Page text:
We gathered in rows on wooden benches, clutching hot cocoa in tin mugs, sitting in the winter chill for a few hours hearing tales of great valour and bravery – stories from battlefields old and new. Max Gimblett’s ‘The Art of Remembrance’ stared at me from the church wall and I sat in a state of remembrance – waiting can be truly powerful.
There are few options though, when it comes to waiting – accept or resist. I used to bemoan any delay or queue, making sure I was never anywhere early enough to sit around and wait. Living life at 100 miles an hour meant waiting was a waste of my time, uncomfortable and inconvenient. As a result, I was always running late. One day, my husband (God bless him) challenged me, suggesting that I ‘chose to be late’. After my initial resistance to the idea that I was late ‘on purpose’, I saw he had a point. It came like a revelation – I was acting out of habit, almost subconsciously choosing stress and mild chaos over being early, organised and prepared to wait.
The ‘always late’ reader will know the drill – buying birthday presents on the way to a kid’s party, never having enough time for traffic, leaving the bedroom looking like a bomb went off, packing your suitcase when the rest of the car is loaded, and constantly apologising for running late. I was the person always last to arrive, the person who kept everybody waiting. I remember driving to work one morning relieved a car had rear-ended me. My first thought was, “Phew, now I have the perfect excuse for being late.”
Change came when I decided I could be more strategic with my time, without losing my flexibility. One of my definitions of freedom is the ability to choose. And so, I chose to practise being early. It meant I could ‘breathe’ before my next appointment – I arrived with my head together instead of offering the usual truckload of excuses, apologies and tales of woe about what went wrong to ‘make’ me late. I came to realise that my lateness was affecting those around me significantly. A milestone on this process was making peace with ‘the wait’. I had to realise that I didn’t need to be constantly distracted and occupied. I also discovered that the waiting time could be a gift of space and peace. In learning that there were gems to be found in the waiting, I became happy to do it.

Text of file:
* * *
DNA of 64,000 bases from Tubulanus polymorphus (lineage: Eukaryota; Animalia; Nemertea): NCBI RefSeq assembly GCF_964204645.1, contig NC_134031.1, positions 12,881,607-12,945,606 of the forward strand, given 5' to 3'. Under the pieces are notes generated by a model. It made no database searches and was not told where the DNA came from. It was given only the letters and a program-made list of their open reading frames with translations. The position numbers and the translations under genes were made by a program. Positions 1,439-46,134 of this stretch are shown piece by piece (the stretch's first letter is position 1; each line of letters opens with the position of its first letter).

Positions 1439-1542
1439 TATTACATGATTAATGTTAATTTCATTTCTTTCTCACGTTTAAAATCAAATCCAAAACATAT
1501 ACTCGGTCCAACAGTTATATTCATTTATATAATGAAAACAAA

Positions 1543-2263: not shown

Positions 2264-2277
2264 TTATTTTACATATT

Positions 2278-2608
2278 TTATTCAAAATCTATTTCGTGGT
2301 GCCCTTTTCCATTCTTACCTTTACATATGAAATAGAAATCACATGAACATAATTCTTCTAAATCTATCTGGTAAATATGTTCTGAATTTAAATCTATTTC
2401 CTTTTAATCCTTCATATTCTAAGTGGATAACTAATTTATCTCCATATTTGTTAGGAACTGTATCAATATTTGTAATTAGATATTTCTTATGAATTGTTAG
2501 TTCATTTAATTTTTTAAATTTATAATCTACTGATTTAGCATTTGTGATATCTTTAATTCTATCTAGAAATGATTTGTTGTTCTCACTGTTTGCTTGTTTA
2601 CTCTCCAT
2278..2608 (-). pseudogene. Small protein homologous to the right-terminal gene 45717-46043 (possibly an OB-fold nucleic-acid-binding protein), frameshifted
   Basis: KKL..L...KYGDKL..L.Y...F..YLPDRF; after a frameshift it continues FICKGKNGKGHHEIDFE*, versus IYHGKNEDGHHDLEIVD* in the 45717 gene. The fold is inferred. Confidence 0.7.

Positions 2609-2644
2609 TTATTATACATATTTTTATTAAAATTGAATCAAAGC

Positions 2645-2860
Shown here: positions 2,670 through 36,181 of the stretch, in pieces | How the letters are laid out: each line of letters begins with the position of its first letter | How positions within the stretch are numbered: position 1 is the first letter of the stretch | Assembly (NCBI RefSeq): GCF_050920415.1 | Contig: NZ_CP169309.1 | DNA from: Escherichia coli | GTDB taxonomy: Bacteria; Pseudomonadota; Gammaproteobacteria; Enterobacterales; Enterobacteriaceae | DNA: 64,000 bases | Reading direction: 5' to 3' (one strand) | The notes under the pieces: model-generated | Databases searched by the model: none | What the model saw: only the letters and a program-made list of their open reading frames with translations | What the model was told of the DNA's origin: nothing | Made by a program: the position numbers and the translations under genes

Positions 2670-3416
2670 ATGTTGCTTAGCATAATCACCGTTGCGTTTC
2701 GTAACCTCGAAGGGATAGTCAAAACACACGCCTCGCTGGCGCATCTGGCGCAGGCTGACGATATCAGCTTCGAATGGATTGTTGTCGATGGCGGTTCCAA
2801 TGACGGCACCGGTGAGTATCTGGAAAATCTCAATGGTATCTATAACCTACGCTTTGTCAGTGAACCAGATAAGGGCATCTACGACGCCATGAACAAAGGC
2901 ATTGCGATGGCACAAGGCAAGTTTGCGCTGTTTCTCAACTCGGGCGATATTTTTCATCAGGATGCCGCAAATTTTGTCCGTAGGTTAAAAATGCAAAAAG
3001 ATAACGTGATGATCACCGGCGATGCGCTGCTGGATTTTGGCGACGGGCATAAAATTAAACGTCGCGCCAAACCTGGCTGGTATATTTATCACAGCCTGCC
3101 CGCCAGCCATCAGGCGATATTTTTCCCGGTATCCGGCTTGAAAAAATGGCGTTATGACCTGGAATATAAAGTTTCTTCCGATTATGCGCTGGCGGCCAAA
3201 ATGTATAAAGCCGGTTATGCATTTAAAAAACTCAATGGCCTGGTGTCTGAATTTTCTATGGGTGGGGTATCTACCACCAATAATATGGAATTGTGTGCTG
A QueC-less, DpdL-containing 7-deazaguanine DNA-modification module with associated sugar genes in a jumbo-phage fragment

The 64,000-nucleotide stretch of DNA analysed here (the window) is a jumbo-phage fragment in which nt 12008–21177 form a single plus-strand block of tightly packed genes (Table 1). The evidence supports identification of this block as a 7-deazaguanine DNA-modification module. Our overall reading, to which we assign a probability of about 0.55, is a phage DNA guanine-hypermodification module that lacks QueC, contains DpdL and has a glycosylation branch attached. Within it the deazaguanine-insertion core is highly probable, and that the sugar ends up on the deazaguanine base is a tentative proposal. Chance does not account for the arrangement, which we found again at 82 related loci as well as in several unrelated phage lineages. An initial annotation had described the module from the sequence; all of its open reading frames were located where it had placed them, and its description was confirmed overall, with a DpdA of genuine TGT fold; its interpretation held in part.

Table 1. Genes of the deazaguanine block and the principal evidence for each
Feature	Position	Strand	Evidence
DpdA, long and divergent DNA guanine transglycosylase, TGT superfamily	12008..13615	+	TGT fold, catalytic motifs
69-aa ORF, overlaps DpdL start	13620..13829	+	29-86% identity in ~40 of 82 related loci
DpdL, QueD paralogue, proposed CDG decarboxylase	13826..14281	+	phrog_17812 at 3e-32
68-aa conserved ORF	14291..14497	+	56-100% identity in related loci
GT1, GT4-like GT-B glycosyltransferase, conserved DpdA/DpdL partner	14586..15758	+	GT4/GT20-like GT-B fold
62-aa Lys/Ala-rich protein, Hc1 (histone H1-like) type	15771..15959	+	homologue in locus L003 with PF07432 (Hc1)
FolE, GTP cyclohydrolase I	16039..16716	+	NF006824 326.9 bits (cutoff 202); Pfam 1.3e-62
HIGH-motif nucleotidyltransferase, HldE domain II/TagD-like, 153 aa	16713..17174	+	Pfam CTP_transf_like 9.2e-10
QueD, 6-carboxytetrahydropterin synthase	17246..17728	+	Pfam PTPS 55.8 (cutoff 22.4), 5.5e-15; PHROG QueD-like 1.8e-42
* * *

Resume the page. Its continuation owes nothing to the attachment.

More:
Waiting is a quiet joy I’m still making friends with. For me, it’s about seeing the value in being still, having space to think or recollect. I can pray or just be. I experienced the joy of waiting for the lunar eclipse earlier this year. I had been told it was happening at midnight, but found when I got to that time, there was still another hour to wait. I asked myself, “Would it be worth it?” I was uncomfortable and bored. I was tired, cold and couldn’t be bothered. Let’s face it, I thought, there wasn’t going to be any kind of triumphant horn blast at the end to say, “Yes! The moon is red!” But I decided to wait anyway.
I grabbed more blankets, my camera and my phone. I texted a friend in a cloudy part of New Zealand to give an update on the moon’s progress and then, I started to play. I made word-photos using the moon as my pencil – long exposures allowing me to draw with moonlight. I watched and created and waited. I wrote
down my thoughts about how the eclipse looked and felt.
At 12.57am I took a photo of the sky and was amazed that when the moon was dimmed to red, the camera captured the glory of the whole sky more fully. The stars were visibly more sparkly beside the moon because her light no longer dominated. It was beautiful. The journey of waiting and watching increased the value of what I saw. It was a mystery and it was magnificent, my appreciation of the eclipse increased by its gradual unfolding. I went to bed full.
So let’s return to the beginning of this story. ‘The Art of Remembrance’ by Max Gimblett – a significant project, a worthwhile fundraiser and a beautiful, affordable piece of modern New Zealand art ($100 per piece). Art that will adorn the walls of thousands of Kiwi homes – making their spaces a little more fabulous.
My invitation to the ‘always late’ reader of this story is to practise the art of waiting in a new way. Create space in your heart and head to breathe, or just be, for a few minutes or moments each day. And while you are practising, buy a Max Gimblett quatrefoil and remember the over 100,000 service men and women who have died to protect and serve our country. The art of waiting and remembering is good medicine in a busy world.